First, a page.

This demonstration illustrates the material property of thermal conductivity, and how this property affects conduction heat transfer in a solid. Concepts include Fourier’s Law, conservation of energy and solid-liquid phase change. This demonstration should take 8-10 minutes.
Fourier’s Law states that the heat transfer rate in a solid is proportional to the thermal conductivity, k, cross sectional area, A, and temperature gradient of the material. At the surface, assuming the x-direction is into the solid,
For two similar solid blocks at the same room temperature, the block with the higher thermal conductivity will “feel” colder to the touch, because thermal energy is more readily taken from your hand (heat source) into the block. Likewise, if a colder sink is placed into contact with the two blocks, the material with higher thermal conductivity will transfer thermal energy out of the block faster.
Unless a steady condition has been achieved, the two blocks will change temperature at different rates according to
where the rate of heat transfer, q, is proportional to the mass, m, specific heat of the material, , and the rate of temperature change with time.
The block with the higher thermal conductivity will more rapidly lose thermal energy to the cold sink, producing a greater temperature change of the block with time. This is valid if both blocks have comparable heat capacity rates ().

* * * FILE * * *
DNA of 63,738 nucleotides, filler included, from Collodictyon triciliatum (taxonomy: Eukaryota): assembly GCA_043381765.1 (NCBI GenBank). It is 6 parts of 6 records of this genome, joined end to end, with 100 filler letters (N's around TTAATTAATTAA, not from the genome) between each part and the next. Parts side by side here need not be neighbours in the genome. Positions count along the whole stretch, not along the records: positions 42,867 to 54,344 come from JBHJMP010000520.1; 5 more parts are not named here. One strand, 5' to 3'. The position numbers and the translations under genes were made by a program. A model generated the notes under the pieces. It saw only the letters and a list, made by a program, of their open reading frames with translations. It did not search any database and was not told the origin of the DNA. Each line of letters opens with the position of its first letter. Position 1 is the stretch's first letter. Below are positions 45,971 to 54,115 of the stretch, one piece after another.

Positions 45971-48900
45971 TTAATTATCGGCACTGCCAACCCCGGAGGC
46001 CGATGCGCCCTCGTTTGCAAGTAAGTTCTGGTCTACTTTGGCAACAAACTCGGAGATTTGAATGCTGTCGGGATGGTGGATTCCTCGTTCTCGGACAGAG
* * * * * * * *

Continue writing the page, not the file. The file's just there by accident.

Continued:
The latent heat of fusion of water is demonstrated by melting ice cubes on the two blocks. The block with the higher thermal conductivity will be able to melt the ice faster. The energy input rate required to melt ice is given in terms of the latent heat of fusion and rate of mass changing phase as
From the rapid melting using the high thermal conductivity block, the demonstration also illustrates that the heating of the ice cube by the ambient air through convection is insignificant compared to the heating of the ice cube via conduction from the block. For the lower thermal conductivity block, which serves to insulate the ice cube bottom, the conduction and convection rates are of a comparably small scale.
What You Need
|Blocks of different materials Beam||2||Must sit with level top surfaces; should be the same size, and big enough to hold an ice cube; one with high (copper is best, brass, aluminum) and one with low (rubber, plastic, wood) thermal conductivity; can be painted the same color for concealing the type of material|
|Ice cubes||2||Cold enough so no melting has begun before experiment.|
|O-rings or rubber bands||2||Keeps ice and melted water from falling off top surface.|
|Stopwatch||1||Can be used to “take bets” on how long it’ll take to melt the ice.|
|Scale (optional)||1||Measures the mass of blocks and ice cubes.|
How It’s Done
Before Class: Have two ice cubes ready, at below freezing temperature. Keep in an insulated container to prevent any melting before the demonstration. Allow the two blocks to sit in the same space for some time so that they come to the same equilibrium temperature.